Can astronauts cook on the ISS?

How do astronauts cook in space?
08 January 2019



Can you actually cook in space?


Space Boffin Richard Hollingham answered this question, from Gail...

Chris - Can you actually cook food in space what is an astronaut diet like?

Richard - They've got better and better. Essentially, you are heating up components of food. So there's still heating up things in an enclosed environment; and almost everything - so the things you miss - I think from what I can gather from astronauts, taste is affected the same way if you're in a pressurised environment of the aircraft: things don't taste the same. So they do tend to prefer spicier foods. They've also got to gel together, because crumbs are a real problem! So you don't want you know crumbs of your food getting into a crucial instrument! So this actually happened on a mission in the 1960s - one of the Gemini missions, before the Apollo missions - that went to the moon, John Young smuggled up a corned beef sandwich in his capsule, which was all a great joke and everything... until crumbs started getting into the instrumentation! 

Chris - What happened?


Richard - Well it was fine, but it might not have been; so, you know, as a result of taking up a sandwich with with crumbs in, it could have been a real problem!

Chris - What appeals to me - because I like dunking, and that's a big problem because if you "over-dunk" and then your biscuit goes "flop", you've got an issue with your tea haven't you? Whereas, in space, I could dunk with impunity couldn't I, for much longer potentially...?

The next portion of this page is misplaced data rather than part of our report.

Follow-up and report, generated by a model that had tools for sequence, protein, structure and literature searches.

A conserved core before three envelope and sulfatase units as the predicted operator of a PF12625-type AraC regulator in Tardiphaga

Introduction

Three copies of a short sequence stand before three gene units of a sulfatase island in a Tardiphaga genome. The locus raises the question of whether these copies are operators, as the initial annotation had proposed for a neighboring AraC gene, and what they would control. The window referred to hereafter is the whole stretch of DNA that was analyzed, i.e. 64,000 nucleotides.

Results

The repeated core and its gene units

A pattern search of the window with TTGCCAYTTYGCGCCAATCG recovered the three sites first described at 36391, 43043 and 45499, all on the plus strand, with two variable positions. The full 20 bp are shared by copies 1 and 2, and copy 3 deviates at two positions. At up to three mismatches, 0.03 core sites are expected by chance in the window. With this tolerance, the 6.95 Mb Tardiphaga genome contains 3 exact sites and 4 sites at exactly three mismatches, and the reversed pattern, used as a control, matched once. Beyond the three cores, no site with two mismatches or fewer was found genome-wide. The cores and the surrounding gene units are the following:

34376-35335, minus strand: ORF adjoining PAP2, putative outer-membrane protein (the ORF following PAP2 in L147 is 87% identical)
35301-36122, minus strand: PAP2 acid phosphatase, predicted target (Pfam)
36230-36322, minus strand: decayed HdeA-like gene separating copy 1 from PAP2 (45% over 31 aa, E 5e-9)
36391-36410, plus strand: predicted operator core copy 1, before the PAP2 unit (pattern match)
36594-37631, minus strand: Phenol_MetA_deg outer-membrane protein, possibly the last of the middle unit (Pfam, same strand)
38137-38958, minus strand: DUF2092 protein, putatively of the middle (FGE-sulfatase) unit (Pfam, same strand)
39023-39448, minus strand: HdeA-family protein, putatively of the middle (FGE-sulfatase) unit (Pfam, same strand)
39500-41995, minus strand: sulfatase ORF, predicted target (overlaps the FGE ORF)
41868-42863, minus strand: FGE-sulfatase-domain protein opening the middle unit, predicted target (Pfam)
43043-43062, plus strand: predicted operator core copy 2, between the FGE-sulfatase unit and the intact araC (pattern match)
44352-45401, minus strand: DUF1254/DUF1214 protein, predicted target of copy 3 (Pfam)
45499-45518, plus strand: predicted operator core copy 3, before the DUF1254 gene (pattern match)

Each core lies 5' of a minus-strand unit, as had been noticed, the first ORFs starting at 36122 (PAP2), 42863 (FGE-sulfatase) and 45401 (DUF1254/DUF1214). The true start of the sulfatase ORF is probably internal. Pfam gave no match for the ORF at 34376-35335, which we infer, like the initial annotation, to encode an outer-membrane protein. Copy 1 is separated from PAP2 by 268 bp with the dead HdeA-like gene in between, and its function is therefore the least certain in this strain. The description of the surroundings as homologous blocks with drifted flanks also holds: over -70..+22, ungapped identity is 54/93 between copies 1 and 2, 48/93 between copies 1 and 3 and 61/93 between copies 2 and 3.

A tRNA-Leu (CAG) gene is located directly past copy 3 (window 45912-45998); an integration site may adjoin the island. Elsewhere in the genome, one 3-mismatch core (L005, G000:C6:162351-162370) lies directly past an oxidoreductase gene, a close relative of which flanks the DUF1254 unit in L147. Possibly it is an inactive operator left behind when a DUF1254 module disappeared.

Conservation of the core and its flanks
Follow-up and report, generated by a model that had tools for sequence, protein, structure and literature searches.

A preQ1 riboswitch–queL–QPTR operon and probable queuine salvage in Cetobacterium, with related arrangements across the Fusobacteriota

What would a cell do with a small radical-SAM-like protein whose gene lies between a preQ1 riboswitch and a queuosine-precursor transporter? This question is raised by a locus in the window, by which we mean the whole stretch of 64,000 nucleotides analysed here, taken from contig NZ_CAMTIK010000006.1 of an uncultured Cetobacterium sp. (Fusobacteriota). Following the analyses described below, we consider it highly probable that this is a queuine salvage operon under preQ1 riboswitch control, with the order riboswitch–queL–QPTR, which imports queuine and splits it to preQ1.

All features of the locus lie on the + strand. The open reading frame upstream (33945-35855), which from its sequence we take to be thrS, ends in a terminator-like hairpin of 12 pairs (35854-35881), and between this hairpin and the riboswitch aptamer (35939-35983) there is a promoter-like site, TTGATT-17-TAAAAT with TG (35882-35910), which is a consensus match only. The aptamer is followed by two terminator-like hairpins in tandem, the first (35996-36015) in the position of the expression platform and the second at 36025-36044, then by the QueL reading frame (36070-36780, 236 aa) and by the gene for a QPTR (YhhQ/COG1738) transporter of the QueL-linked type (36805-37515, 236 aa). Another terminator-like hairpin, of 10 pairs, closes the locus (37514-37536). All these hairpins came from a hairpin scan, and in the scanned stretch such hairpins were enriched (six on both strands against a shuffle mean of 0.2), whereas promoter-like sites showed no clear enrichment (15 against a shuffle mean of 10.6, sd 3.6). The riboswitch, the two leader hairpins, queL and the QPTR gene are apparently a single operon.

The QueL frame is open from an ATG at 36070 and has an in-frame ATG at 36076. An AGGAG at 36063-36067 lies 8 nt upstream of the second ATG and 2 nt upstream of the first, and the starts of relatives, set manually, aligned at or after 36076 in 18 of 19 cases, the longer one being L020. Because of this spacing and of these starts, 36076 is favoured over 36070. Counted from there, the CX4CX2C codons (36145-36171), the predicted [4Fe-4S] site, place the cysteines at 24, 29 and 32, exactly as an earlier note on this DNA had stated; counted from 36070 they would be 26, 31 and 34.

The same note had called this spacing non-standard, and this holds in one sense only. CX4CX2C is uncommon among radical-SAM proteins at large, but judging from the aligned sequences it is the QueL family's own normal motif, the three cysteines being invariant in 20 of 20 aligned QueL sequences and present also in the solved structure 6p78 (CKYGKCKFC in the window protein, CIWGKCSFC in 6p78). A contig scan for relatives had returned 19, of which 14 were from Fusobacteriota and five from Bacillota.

Richard - But you'd have to do that within a bag, because you can't obviously have a cup of tea...

Chris - If you didn't accelerate the fluid it would stay in the cup wouldn't it?

Richard - Yeah. Well try doing that! Try lifting up a cup of tea without accelerating the fluid! So you lift up a cup of tea and the tea comes out. So it just floats around around you. So yeah it's the sealed environment; so for obvious reasons there's no deep-fat fryer on the space station! It's more a question of heating up things but heating up components of a meal so they can put together a meal - they could heat up, for example, a stew and then heat up some bread, or have some pasta and a sauce. So it's kind of pulling the components together. There is also coffee maker on the space station, so there is espresso coffee!

Chris - I never thought I would learn about corned beef sandwiches on the Naked Scientist so thanks very much for that Richard!


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